Woodward still has close relationships and old friendships in Baton Rouge, where he worked from 2000-04 as then-Chancellor Mark Emmert's representative to the athletic department as the director of external affairs.

Those close ties permitted an organic environment for both parties to express their mutual interest in Woodward becoming LSU's new athletic director, the sources said.

Woodward earned a stellar reputation as a deal-maker and program builder as the athletic director at the University of Washington and Texas A&M, which board members who favored courting him felt would give LSU a needed boost among supporters.

It also presented an opportunity for a smooth and swift transition between Alleva and Woodward.

Once Woodward emerged as a possible candidate, conversations on the board turned into a series of actions, which included keying in LSU President F. King Alexander. Asked Thursday for comment, Alexander responded in an email: “As President, I am responsible for hiring and firing athletic directors. I am happy to bring Scott Woodward home to LSU, and we are looking forward to the future of LSU Athletics.”

The decision to remove Alleva as athletic director was made Tuesday night during a tight-lipped executive meeting held by the board, according to several board members who asked not to be identified.

The board mentioned only "potential litigation" as its official business at the meeting, but by the end of the night, the move to replace Alleva with Woodward had been made. But not all board members were in attendance.

Members expected that Alleva was going to retire, but Alexander wanted to retain him as a "special assistant to the president for donor relations" — a position that caught many by surprise.

Richard Lipsey, a founding member of the Tiger Athletic Foundation, which financially supports LSU sports, said Thursday he laughed when he heard of moving Alleva into the president’s office.

“The president has never raised any money, and neither has Joe Alleva,” said Lipsey, a frequent critic of Alexander.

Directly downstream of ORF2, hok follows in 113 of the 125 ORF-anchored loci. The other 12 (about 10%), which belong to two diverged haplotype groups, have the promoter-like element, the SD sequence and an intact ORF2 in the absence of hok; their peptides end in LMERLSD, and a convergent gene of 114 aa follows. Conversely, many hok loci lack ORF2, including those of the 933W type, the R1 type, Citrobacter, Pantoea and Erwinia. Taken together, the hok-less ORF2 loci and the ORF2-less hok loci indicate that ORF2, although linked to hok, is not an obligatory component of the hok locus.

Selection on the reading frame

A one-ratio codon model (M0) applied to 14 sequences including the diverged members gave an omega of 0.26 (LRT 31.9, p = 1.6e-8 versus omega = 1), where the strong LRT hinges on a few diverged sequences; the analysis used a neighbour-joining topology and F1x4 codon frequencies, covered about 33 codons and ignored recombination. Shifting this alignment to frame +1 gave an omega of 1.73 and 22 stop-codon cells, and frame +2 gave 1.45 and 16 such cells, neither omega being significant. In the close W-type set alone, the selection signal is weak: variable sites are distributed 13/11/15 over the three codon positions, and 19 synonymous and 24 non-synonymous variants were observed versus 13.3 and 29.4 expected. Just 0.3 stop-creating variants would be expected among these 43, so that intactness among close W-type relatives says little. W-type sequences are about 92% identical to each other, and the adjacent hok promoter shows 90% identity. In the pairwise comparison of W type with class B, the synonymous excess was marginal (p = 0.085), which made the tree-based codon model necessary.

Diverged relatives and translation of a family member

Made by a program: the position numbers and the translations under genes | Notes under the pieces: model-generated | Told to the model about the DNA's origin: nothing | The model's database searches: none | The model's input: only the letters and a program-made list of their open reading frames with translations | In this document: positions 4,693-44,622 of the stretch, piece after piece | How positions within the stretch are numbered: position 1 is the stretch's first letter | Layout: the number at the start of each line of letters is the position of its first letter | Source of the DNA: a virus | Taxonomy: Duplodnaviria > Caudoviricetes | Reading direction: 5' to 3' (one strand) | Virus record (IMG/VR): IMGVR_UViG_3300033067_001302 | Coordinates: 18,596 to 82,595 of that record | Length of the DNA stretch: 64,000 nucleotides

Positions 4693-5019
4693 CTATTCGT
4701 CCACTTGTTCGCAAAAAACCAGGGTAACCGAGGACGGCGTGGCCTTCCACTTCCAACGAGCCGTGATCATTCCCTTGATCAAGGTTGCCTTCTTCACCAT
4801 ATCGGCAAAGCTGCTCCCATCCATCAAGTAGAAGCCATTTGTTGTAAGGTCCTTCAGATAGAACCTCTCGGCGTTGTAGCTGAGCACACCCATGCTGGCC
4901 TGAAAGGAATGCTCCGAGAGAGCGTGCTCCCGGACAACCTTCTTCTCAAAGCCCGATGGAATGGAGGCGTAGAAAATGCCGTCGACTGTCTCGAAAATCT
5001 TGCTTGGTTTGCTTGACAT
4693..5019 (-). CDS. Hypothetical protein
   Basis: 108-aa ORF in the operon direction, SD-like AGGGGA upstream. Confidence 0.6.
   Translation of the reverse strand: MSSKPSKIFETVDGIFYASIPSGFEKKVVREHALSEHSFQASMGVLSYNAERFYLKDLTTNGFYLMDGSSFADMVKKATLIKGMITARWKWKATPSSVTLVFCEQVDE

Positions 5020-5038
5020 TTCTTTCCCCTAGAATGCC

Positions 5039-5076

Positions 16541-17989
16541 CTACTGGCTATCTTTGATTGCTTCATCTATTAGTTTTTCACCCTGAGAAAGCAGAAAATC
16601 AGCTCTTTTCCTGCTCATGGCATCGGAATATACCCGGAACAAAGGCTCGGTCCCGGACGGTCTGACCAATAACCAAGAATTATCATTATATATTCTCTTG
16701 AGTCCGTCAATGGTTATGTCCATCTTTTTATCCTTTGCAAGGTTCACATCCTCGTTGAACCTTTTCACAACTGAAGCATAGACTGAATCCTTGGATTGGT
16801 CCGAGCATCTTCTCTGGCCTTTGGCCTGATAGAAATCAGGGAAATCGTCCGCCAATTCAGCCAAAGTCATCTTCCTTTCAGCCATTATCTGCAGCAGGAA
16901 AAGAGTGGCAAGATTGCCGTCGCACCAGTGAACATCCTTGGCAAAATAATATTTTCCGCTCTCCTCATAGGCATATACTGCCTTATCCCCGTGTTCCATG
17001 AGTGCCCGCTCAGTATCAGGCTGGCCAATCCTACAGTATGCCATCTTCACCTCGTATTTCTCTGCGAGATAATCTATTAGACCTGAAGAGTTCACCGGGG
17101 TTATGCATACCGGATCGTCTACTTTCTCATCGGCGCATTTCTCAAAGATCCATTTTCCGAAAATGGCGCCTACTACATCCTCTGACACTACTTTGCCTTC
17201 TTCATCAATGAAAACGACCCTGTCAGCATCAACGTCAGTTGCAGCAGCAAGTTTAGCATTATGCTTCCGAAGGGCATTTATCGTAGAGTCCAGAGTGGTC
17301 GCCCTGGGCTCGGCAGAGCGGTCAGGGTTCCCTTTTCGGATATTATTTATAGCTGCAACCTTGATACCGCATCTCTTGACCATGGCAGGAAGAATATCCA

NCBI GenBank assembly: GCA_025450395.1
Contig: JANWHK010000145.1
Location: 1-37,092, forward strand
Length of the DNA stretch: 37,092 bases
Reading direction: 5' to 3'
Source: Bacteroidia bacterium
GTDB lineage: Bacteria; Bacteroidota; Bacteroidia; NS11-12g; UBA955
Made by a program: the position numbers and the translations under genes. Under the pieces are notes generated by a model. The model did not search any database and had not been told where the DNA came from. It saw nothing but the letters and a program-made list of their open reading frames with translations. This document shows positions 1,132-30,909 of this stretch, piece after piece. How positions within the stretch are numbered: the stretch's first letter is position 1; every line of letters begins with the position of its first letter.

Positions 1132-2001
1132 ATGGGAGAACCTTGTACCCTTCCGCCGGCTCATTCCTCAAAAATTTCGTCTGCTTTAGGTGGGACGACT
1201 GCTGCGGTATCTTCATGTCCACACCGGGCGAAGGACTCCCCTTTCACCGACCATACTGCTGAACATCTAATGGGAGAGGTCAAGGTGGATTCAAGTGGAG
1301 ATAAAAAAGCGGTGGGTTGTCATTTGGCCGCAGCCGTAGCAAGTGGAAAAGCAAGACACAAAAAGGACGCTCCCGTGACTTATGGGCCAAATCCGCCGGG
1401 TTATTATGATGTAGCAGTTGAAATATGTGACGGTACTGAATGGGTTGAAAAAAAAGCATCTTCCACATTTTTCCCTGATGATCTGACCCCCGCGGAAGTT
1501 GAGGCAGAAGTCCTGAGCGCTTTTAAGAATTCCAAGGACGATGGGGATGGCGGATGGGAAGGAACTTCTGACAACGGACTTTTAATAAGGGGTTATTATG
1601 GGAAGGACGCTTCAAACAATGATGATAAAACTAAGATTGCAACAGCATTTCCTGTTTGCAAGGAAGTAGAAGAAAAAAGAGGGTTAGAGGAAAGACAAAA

It is uncertain what responsibilities Alleva will have in his new position.

Alleva was informed of his reassignment by Alexander, according to several sources close the athletic program, and Wednesday, the university officially announced Alleva was stepping down. A deal was struck with Woodward hours later, the sources said.

According to The Dallas Morning News, Woodward earned $900,000 in base salary as part of a five-year deal that expires in January 2021. He owes Texas A&M about $40,000 for leaving, according to the terms of the contract.

At A&M, two of Woodward's biggest achievements were luring Buzz Williams from Virginia Tech to be men's basketball coach and hiring Jimbo Fisher as football coach.Woodward was the athletic director at the University of Washington from 2008-15 and was the school's vice chancellor of external affairs from 2004-08. The latter was a similar position to the one he held at LSU from 2000-04 under Emmert. Before that, Woodward was a political consultant and legislative liaison in Baton Rouge, where he founded a government and public relations firm in the mid-1990s.With Larose native Ed Orgeron as LSU's football coach, Woodward's hiring marks the first time since February 1955 that LSU's athletic director and football coach are both from Louisiana. T.P. "Skipper" Heard was athletic director then, and Gaynell Tinsley was the football coach before being succeeded that year by Paul Dietzel.